IGRA Announces New Webinars
The Israel Genealogy Research Association (IGRA) has announced a series of webinars that are open to everyone free of charge. There are a limited number of “seats” available so register early at http://tinyurl.com/IGRASpringWebinars. There is a separate registration for each webinar. Reminders are sent out to those registered a day in advance of the webinar.
Planned webinars are:
• March 6 - 19:00 IST (Israel): Sleepless in Seattle? Not This August! A preview of the upcoming IAJGS Conference to be held this year in Seattle.
• March 13 - 19:00 IST (Israel): Sources for Jewish Genealogy in Ukraine
• April 10 - 23:00 IDT (Israel): The Ins and Outs of IGRA's Database Collection
• May 1 - 19:00 IDT (Israel): United States Holocaust Museum's Electronic Resources
• May 22 - 19:00 IDT (Israel): Getting the Most from Genetic Testing for Ashkenazic Jews
• June 26 - 19:00 IDT (Israel): Using Directories and Maps for Genealogy
Additional information about each webinar, including how to register, can be found at http://tinyurl.com/IGRASpringWebinars.
JewishGen Courses for March
JewishGen is offering two online courses in March. Full descriptions, including requirements, and how to enroll can be found at http://www.jewishgen.org/Education
• Search Strategies Using Google
• Complex Genealogical Research in the U.S.
Family History Library Announces Webinars for March 2016
The Family History Library has announced its Webinars for March 2016. Some are of value to Jewish genealogists. The complete list can be found at http://tinyurl.com/FHLMarchWebinars. A sample of the planned webinars include:
• March 9. Learning to Read German Handwriting
• March 10. Cousin Research
Websites With Historic Newspaper Collections
An article describes 10 sources of historic newspaper collections from around the world. It is located at http://genealogy.about.com/od/newspapers/tp/newspapers_online.htm. Included are descriptions of Chronicling America, Newspapers.com, GenealogyBank, Newspaper Archive, British Newspaper Archive, Google Historical Newspaper Search, Australian Newspapers Online—Trove, ProQuest Historical Newspapers, Ancestry.com Historical Newspaper Collection and The Scotsman Archive.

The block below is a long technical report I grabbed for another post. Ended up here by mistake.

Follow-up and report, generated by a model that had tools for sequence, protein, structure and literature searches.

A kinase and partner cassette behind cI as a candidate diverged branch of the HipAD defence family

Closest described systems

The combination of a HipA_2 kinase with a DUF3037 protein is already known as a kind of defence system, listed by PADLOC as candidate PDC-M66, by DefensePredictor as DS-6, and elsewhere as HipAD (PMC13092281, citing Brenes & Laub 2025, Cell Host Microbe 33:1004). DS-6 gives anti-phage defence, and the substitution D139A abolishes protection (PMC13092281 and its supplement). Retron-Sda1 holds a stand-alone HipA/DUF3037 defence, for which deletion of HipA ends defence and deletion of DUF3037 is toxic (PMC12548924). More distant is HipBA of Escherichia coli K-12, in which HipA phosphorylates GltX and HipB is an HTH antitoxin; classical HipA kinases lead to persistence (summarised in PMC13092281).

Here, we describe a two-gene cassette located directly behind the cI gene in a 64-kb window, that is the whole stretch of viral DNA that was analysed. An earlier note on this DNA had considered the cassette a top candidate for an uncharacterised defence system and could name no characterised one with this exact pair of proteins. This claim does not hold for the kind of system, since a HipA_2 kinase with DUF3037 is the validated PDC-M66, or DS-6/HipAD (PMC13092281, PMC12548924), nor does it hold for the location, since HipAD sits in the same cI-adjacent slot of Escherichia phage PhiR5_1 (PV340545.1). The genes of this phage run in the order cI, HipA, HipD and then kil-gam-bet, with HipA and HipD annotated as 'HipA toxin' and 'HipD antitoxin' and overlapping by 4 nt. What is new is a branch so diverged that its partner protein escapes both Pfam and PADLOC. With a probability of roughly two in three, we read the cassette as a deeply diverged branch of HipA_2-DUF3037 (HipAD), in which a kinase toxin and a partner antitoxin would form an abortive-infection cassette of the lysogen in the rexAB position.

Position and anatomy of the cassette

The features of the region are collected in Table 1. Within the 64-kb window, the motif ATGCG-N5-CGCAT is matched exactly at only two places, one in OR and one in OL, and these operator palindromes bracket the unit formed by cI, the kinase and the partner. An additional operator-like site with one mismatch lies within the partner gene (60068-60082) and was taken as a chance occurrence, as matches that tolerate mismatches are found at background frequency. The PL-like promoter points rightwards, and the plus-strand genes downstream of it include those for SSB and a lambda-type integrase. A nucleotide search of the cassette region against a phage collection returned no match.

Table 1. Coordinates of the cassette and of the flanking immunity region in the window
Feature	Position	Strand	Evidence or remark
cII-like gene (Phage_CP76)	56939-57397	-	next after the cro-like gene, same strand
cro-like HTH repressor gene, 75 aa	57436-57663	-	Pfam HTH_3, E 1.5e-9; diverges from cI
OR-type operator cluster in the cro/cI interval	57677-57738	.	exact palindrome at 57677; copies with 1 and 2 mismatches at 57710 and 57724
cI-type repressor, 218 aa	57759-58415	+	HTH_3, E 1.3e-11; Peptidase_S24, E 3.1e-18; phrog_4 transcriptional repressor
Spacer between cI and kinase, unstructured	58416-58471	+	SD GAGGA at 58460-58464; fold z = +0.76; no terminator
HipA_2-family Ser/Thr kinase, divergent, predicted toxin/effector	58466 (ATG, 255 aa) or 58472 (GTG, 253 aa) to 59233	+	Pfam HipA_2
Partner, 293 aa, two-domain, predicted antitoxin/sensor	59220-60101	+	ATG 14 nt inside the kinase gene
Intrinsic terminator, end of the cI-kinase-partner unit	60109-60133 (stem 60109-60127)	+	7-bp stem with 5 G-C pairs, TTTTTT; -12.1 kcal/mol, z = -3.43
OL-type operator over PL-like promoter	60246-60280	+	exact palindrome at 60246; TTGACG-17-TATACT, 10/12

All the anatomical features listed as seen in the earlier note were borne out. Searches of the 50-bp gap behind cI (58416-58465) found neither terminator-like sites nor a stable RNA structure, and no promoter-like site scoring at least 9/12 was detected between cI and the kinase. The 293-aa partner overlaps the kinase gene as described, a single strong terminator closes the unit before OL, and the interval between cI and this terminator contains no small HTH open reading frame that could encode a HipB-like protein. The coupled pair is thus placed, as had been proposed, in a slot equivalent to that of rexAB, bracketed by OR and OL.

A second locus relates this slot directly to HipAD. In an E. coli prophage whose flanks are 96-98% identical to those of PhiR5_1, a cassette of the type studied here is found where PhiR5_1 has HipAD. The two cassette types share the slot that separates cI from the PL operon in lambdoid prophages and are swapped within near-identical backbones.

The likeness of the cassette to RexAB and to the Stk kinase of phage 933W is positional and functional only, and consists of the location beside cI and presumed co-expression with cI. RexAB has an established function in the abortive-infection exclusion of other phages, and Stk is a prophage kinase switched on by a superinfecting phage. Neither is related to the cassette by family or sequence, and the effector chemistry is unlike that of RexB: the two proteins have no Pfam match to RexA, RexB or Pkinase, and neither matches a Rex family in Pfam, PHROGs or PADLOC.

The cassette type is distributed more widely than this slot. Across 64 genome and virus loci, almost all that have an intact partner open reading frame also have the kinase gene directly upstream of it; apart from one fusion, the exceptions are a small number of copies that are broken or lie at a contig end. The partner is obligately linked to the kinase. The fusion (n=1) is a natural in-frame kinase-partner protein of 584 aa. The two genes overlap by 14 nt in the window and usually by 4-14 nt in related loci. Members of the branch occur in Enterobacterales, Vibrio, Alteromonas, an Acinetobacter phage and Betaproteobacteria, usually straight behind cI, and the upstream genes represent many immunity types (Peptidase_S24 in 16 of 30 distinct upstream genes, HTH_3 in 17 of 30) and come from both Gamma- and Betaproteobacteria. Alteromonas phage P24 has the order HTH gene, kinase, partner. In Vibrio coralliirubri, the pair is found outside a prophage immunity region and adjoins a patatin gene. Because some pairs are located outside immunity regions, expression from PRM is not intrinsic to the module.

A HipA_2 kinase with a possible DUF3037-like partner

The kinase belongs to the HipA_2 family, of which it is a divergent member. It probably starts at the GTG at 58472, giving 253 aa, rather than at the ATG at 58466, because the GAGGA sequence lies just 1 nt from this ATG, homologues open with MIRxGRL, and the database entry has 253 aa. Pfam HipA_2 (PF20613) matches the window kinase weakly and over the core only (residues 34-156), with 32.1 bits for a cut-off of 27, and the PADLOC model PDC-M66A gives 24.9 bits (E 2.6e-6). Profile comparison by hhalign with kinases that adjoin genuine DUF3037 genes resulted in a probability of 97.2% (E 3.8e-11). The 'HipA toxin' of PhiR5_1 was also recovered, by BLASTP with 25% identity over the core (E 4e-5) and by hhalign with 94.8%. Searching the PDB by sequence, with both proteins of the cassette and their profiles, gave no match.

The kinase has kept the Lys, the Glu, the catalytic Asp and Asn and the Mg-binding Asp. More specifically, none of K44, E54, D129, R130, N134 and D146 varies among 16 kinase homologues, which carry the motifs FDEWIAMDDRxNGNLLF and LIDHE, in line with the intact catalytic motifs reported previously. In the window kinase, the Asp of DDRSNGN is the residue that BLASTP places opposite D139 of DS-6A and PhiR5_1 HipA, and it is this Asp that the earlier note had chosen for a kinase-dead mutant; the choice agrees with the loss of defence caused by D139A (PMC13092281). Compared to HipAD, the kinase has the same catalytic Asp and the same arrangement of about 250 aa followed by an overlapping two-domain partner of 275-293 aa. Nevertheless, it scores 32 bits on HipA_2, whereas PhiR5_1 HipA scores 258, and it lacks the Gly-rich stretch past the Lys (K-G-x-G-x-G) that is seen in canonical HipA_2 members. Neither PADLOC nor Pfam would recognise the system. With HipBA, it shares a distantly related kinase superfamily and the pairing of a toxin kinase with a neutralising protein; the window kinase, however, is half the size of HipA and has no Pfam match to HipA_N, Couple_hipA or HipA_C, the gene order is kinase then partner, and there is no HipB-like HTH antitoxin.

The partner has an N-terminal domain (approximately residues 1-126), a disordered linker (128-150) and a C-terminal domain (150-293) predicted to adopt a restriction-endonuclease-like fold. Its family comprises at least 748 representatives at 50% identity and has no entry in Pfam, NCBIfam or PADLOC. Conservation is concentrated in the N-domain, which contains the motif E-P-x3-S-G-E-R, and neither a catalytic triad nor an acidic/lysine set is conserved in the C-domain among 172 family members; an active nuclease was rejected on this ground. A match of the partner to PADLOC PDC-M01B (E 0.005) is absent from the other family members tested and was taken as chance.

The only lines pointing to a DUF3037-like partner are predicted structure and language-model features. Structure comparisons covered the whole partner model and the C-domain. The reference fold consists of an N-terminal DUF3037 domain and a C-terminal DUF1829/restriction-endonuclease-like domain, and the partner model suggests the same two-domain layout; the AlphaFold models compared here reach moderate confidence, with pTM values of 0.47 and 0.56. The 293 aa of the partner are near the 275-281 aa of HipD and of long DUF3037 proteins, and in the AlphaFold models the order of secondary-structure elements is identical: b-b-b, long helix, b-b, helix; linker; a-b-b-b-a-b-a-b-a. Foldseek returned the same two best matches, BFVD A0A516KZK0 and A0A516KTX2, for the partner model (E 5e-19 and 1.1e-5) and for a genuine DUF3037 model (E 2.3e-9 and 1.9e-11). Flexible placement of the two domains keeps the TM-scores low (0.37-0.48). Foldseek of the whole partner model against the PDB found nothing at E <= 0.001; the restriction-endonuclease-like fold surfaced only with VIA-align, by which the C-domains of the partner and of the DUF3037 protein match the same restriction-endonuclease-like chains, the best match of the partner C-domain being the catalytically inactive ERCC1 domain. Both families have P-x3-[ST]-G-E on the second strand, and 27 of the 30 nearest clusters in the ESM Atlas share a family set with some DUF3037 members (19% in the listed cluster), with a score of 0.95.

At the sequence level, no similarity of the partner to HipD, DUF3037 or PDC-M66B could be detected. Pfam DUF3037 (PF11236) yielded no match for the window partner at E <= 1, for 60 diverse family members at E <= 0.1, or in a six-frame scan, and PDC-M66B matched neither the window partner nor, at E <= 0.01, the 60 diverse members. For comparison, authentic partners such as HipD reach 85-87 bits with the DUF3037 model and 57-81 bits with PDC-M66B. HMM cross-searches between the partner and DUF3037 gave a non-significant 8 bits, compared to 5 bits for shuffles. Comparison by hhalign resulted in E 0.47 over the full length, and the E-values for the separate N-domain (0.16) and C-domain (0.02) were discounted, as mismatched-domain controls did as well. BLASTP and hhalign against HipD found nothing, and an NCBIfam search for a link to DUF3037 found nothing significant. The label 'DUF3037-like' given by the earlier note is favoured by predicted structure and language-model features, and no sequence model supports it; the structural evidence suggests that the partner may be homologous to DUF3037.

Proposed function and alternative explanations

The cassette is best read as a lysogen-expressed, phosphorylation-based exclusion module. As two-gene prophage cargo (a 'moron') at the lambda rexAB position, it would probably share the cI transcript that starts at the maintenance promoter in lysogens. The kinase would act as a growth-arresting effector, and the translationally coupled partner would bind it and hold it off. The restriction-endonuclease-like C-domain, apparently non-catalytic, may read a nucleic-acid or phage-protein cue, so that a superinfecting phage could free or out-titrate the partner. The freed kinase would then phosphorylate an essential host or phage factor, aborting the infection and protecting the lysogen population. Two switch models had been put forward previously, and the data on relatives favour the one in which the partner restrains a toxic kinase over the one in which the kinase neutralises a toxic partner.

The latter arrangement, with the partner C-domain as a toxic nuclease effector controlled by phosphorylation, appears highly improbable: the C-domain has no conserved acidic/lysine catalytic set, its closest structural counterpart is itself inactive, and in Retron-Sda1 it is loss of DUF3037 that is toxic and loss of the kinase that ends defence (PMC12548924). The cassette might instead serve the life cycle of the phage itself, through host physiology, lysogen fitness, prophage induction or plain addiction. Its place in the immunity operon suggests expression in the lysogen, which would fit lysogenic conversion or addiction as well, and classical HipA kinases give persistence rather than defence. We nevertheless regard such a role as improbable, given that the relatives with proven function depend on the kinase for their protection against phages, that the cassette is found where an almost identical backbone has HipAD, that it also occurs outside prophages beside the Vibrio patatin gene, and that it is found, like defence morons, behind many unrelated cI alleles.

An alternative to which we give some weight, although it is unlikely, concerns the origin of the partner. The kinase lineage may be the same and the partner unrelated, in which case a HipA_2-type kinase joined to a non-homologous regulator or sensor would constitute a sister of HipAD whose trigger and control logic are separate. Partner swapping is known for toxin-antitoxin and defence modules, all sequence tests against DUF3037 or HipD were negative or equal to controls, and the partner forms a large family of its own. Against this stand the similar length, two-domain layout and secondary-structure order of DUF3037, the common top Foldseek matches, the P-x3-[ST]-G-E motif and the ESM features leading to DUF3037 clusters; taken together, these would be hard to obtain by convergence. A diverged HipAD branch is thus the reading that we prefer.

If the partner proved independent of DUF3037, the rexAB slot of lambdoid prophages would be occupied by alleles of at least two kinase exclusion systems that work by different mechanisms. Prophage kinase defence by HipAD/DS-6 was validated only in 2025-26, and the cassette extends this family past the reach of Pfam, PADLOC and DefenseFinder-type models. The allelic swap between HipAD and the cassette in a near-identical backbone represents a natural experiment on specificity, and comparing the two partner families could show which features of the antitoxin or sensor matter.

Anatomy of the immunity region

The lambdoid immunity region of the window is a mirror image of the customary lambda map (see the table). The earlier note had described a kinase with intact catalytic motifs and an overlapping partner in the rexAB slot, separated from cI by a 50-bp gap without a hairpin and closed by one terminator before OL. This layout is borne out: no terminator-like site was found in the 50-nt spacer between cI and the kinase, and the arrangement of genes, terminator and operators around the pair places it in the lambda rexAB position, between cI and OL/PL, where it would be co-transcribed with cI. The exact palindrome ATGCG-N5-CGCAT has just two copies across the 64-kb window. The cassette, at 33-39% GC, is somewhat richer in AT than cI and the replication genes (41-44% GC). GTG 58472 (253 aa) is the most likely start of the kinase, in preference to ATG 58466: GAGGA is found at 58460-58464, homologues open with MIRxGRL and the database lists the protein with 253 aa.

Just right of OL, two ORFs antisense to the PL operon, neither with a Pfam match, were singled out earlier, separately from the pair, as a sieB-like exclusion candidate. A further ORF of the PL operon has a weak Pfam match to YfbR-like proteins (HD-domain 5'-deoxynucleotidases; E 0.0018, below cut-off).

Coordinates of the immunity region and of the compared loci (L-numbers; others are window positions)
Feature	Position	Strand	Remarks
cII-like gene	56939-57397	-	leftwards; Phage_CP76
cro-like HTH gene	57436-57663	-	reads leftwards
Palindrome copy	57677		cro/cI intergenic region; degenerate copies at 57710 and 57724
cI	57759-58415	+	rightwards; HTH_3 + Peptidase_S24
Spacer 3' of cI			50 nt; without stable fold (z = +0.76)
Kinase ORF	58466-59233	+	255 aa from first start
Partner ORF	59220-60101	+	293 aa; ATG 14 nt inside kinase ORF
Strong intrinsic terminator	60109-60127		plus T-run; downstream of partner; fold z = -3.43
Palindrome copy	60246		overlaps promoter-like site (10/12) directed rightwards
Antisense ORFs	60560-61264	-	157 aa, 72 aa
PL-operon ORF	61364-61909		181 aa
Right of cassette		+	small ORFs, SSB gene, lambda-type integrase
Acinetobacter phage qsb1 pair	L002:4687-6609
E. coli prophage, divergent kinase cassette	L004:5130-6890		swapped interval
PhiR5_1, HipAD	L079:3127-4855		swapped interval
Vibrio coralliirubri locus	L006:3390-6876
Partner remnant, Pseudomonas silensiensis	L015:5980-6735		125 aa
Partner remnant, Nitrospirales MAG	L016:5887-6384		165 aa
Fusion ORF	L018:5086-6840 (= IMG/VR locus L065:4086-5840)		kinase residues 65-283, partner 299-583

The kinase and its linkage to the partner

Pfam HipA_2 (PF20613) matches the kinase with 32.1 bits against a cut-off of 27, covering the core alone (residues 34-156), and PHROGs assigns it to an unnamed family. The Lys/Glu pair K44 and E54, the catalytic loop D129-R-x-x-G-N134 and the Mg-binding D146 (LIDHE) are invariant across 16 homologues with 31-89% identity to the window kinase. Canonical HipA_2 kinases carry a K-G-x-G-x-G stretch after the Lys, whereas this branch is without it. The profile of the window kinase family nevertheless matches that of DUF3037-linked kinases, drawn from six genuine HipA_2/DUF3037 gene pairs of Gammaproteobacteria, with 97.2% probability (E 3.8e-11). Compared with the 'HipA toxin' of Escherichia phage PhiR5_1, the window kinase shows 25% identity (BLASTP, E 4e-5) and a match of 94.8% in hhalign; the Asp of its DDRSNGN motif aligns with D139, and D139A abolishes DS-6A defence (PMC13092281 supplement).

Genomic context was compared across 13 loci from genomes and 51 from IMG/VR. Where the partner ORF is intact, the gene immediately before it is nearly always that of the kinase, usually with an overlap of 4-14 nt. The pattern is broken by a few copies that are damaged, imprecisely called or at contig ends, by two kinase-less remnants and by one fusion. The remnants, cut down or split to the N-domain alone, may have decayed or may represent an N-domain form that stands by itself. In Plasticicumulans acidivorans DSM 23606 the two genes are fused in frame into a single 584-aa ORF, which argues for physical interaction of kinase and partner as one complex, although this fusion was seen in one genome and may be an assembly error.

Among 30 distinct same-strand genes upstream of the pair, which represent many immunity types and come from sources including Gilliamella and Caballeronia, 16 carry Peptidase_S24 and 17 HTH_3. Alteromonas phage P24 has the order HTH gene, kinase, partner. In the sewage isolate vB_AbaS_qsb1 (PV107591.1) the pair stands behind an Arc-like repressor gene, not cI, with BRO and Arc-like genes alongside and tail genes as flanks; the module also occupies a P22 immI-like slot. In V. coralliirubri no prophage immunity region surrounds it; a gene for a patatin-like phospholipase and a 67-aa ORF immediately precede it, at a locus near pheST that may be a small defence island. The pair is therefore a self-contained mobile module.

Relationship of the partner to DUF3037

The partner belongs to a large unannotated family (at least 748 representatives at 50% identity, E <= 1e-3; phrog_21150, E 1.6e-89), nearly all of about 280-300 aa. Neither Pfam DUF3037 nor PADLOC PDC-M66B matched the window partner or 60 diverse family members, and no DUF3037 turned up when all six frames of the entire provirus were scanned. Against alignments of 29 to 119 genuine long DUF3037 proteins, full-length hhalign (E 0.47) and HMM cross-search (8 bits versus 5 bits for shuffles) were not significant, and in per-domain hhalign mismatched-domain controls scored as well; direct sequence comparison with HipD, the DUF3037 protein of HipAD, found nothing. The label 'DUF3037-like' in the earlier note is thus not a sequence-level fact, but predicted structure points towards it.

Reminder to AVOTAYNU Subscribers
If you are a subscriber to AVOTAYNU and received a yellow slip with the Winter issue, it means your subscription expired with that issue. Be sure to resubscribe by March 15 to get the discounted resubscription offer and be entered in a drawing that will award to the winner a copy of any book published by Avotaynu. There will be three winners of the drawing to be held on April 15. Consider owning a copy of Avotaynu Guide to Jewish Genealogy or Alexander Beider's landmark A Dictionary of Jewish Surnames from the Russian Empire: Revised Edition.
Renew for two years and you will receive two opportunities to win; renew for three years and receive three opportunities to win. Winners will be announced in the issue of Nu? What's New? that appears after the drawing and also will be notified by postal mail. Remember, you must resubscribe by March 15 to be part of the drawing. Resubscribe at http://avotaynu.com/renew.htm.
Adam Brown Off to Antarctica
If the postings to Avotaynu Online during the months of March and April seem a bit lean, it may be because its Managing Editor, Adam Brown, is off to one of the most remote places on earth, volcanic Heard Island in the stormy southern Indian Ocean off Antarctica. Brown is a participant in an expedition to discover and document previously unidentified species in the island's extremely isolated, extremely severe ecosystem.
In addition to managing radio and satellite communications during the expedition including the 5,000 mile sea journey to and from Heard Island, and working with scientists to collect biological and geological specimens, he is managing the deployment of two dozen oceanographic buoys in the remote and rarely traversed southern reaches of the Indian Ocean in behalf of the Woods Hole Oceanographic Institute, the Scripps Oceanographic Institute and the National Oceanographic and Atmospheric Administration.
Brown is also managing a radio propagation study utilizing the Weak Signal Propagation Reporter, a cutting edge digital technology developed by Nobel Prize Winner Joe Taylor of Princeton. So it promises to be a busy and interesting journey. Adam Brown will post updates on his expedition Facebook page at https://www.facebook.com/AdamK2arb/